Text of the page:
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Battered Boeing Shed More Than 1,100 South Carolina Workers In 2020

More layoffs coming as the Palmetto State’s biggest crony capitalist bet goes bad …

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We knew the job numbers were going to be bad, but they wound up being positively apocalyptic … and more pain is on the way. Crony capitalist aerospace giant Boeing has shed more than 1,100 employees at its taxpayer-subsidized North Charleston, South Carolina location over the past year – mostly due to fallout from the collapse of the air travel industry amid the coronavirus pandemic.

News of the job losses was first reported by Emily Williams of The (Charleston, S.C.) Post and Courier.

Specifically, Boeing has shed a total of 1,163 jobs in North Charleston – or 17 percent of its entire South Carolina workforce.

Eight months ago, we reported on these impending job losses – which came on the heels of the company offering voluntary buyouts to its employees in an effort to get ahead of the layoffs.

More job losses are likely in the months ahead as Boeing – which received more than $1 billion in taxpayer-funded incentives to locate its Dreamliner production facility in the Palmetto State over a decade ago – continues to reel from the sustained air travel downturn.

Last month, the company posted a staggering $11.9 billion annual loss – with its chief executive officer David Calhoun warning investors the company was “still in the midst” of its “very challenging” period.

Worth recalling? Boeing was already scaling back production of its 787 Dreamliner in response to reduced demand prior to Covid-19 hitting.

As it seeks to bounce back from the pandemic, the company also continues to deal with numerous reports of shoddy manufacturing at its North Charleston facility – not to mention the fallout from a pair of fatal crashes which led to the grounding of its 737 Max fleet.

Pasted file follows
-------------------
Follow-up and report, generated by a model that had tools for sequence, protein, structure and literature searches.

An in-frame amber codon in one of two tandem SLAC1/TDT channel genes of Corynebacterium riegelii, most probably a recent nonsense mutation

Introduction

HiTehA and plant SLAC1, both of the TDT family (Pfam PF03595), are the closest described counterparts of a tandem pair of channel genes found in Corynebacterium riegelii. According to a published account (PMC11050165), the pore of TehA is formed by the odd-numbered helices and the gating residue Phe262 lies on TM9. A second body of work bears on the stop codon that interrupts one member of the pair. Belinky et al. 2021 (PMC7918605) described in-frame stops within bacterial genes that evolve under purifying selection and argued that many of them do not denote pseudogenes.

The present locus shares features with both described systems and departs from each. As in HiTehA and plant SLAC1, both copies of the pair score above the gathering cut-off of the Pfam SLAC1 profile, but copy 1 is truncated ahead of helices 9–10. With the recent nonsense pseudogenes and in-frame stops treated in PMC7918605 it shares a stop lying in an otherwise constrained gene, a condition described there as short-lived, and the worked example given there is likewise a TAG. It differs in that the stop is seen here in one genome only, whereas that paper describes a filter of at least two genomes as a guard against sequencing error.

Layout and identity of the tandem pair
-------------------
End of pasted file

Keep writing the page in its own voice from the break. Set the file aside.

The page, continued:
The 737 Max grounding was lifted a little over a month ago – over the objection of the crash victims’ families who continue to insist that the plane’s safety issues have not been resolved.

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As for the 787 Dreamliner, production has been effectively stalled for the last three months due to a fuselage defect that Boeing has yet to resolve. According to aerospace reporter Dominic Gates of The Seattle Times, the defect “can create gaps that could potentially weaken the structure of the fuselage.”

Quality concerns at Boeing’s South Carolina plant are nothing new. John Barnett – a former quality control manager for Boeing – told reporter Nadia Daly of the Australian Broadcasting Corporation last January that he witnessed “serious problems” with the workmanship at the Palmetto State plant.

“I haven’t seen a plane out of Charleston yet that I would consider safe and airworthy,” Barnett said.

One 787 customer – Qatar Airways – went so far as to refuse to accept any 787 Dreamliners manufactured in South Carolina, requiring Boeing to provide it with Dreamliners manufactured at its Everett, Washington facility.


That will no longer be an option, however, as Boeing is consolidating all of its 787 Dreamliner production in the Palmetto State this year. Unfortunately, the move is not going to create any new jobs seeing as the South Carolina facility (which has already endured one round of layoffs) will still be making fewer planes after absorbing the new line from Washington.

Well, assuming it fixes the 787 fuselage defect …

This news outlet staunchly opposed the taxpayer-funded incentives provided to Boeing by state lawmakers – arguing that such crony capitalist deals distort the market by unfairly shifting the tax burden onto the shoulders of small businesses and individual income earners/ property owners.

Moreover, as we have extensively documented, such corporate handouts have materially failed to advance employment and raise income levels in the Palmetto State. Accordingly, this news outlet will continue to oppose such giveaways and instead push lawmakers to enact broad-based tax relief targeting the individual citizens and small businesses who are are responsible for the majority of jobs created in our state.

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